Saving Ecumenical Radio

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Saving Ecumenical Radio

Static Over WJMJ-FM

July 4, 2008

The Archdiocese of Hartford needs to clear the air about its intentions for radio station WJMJ-FM.

Problems started getting public attention back in May when officials for the Roman Catholic archdiocese, which owns the station, told Protestant and Christian Orthodox leaders that most or all of their programming would be dropped in favor of a more Catholic message. The station airs on 88.9 FM in the Hartford area. Effective June 1, it has operated as an affiliate of EWTN Global Catholic Network.

Some of the programs discontinued at WJMJ had been on the air for two or three decades. The change and the abrupt way it was handled have caused hard feelings in the ecumenical community.

Now town officials in Burlington, where the stations’ radio tower is situated, are considering bringing a cease-and-desist order against the church. They say the change violates a 1987 agreement with the zoning board of appeals that requires multidenominational programming.

A spokesman for the archdiocese, the Rev. John Gatzak, acknowledges the terms of the agreement and says the church intends to continue offering ecumenical programming.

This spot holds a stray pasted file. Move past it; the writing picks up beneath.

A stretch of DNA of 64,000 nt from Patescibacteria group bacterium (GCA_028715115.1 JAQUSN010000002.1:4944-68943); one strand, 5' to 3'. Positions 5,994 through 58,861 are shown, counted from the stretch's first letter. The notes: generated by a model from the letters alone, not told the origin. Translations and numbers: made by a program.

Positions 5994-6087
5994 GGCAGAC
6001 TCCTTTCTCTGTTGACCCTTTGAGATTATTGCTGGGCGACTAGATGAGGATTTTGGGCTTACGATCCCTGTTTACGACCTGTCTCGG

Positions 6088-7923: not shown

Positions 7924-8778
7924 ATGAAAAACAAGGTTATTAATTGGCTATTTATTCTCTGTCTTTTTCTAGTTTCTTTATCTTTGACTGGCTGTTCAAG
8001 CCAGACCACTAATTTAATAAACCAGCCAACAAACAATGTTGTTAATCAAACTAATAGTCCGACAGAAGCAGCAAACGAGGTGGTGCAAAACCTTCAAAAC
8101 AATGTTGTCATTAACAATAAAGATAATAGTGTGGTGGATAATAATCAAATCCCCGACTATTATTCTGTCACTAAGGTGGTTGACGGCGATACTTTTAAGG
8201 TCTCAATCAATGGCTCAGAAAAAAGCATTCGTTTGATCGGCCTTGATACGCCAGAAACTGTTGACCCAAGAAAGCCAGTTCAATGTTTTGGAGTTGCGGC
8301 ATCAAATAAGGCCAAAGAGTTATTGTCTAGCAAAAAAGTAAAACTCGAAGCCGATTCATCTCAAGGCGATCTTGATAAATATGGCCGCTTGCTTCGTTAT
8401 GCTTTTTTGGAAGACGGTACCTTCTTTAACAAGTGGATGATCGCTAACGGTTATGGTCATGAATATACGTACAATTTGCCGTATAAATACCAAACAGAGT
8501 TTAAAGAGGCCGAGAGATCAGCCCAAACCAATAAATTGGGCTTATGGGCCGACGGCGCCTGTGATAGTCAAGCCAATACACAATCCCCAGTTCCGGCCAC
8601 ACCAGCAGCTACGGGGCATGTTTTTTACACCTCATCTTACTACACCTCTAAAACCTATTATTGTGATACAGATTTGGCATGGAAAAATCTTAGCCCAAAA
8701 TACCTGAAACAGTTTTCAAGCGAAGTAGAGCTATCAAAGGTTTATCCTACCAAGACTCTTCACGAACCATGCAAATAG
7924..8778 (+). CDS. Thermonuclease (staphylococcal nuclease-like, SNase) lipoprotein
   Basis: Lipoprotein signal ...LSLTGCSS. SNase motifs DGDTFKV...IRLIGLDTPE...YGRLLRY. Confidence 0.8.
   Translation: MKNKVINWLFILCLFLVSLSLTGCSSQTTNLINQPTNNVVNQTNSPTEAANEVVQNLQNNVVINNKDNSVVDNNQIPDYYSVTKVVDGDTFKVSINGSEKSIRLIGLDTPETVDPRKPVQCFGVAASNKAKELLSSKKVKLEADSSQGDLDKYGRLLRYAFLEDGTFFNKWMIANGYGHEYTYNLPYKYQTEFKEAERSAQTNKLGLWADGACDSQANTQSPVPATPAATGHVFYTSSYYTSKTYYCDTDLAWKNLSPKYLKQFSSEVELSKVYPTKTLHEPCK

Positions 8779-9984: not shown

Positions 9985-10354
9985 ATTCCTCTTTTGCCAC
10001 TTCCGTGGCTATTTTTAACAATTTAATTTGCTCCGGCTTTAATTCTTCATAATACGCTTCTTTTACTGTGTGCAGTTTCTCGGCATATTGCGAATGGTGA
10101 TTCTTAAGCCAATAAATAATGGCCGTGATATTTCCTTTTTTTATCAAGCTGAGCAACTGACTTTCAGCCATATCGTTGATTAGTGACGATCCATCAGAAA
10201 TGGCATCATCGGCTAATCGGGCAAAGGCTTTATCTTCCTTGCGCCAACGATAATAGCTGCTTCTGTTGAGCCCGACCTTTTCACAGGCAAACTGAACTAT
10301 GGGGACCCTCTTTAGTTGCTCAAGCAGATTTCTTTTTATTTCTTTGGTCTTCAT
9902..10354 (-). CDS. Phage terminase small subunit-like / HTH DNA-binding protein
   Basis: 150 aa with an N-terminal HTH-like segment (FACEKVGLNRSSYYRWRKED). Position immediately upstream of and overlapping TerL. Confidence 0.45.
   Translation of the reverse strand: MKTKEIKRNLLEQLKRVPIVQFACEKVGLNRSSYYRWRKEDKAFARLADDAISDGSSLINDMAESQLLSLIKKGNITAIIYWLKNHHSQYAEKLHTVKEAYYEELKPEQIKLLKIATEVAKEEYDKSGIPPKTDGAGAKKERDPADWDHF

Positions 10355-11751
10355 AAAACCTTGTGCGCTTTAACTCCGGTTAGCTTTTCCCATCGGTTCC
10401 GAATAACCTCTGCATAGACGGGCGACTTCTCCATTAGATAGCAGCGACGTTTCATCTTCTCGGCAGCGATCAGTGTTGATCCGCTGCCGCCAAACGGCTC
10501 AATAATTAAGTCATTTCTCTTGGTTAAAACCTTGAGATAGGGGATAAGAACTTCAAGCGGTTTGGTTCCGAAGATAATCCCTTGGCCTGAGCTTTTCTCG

He said WJMJ is the state’s only Catholic radio station and that 80 percent of its programming had become Protestant and Orthodox. All the archdiocese wants to do is change the balance and raise the bar for programming. As executive director of the archdiocese’s Office of Radio and Television, the Rev. Gatzak pledged the archdiocese’s resources to that effort.

The Rev. Gatzak says Catholic, Protestant and Orthodox leaders have met twice to discuss what shape the revamped ecumenical programming might take.

This all sounds good so far as it goes. Yet when pressed recently about what Catholic-Protestant-Orthodox balance the archdiocese is aiming for, or what this new programming might look like, the Rev. Gatzak’s answers turned squishy.

He likened WJMJ to a “living organism” that shouldn’t be held to a static format.

Well, maybe. But the abrupt and heavy-handed way the archdiocese has implemented changes at WJMJ have raised a lot of questions — and some hackles. Absent specifics, the archdiocese essentially assumed the ecumenical community and the town of Burlington will take a leap of faith.

That’s assuming a lot.

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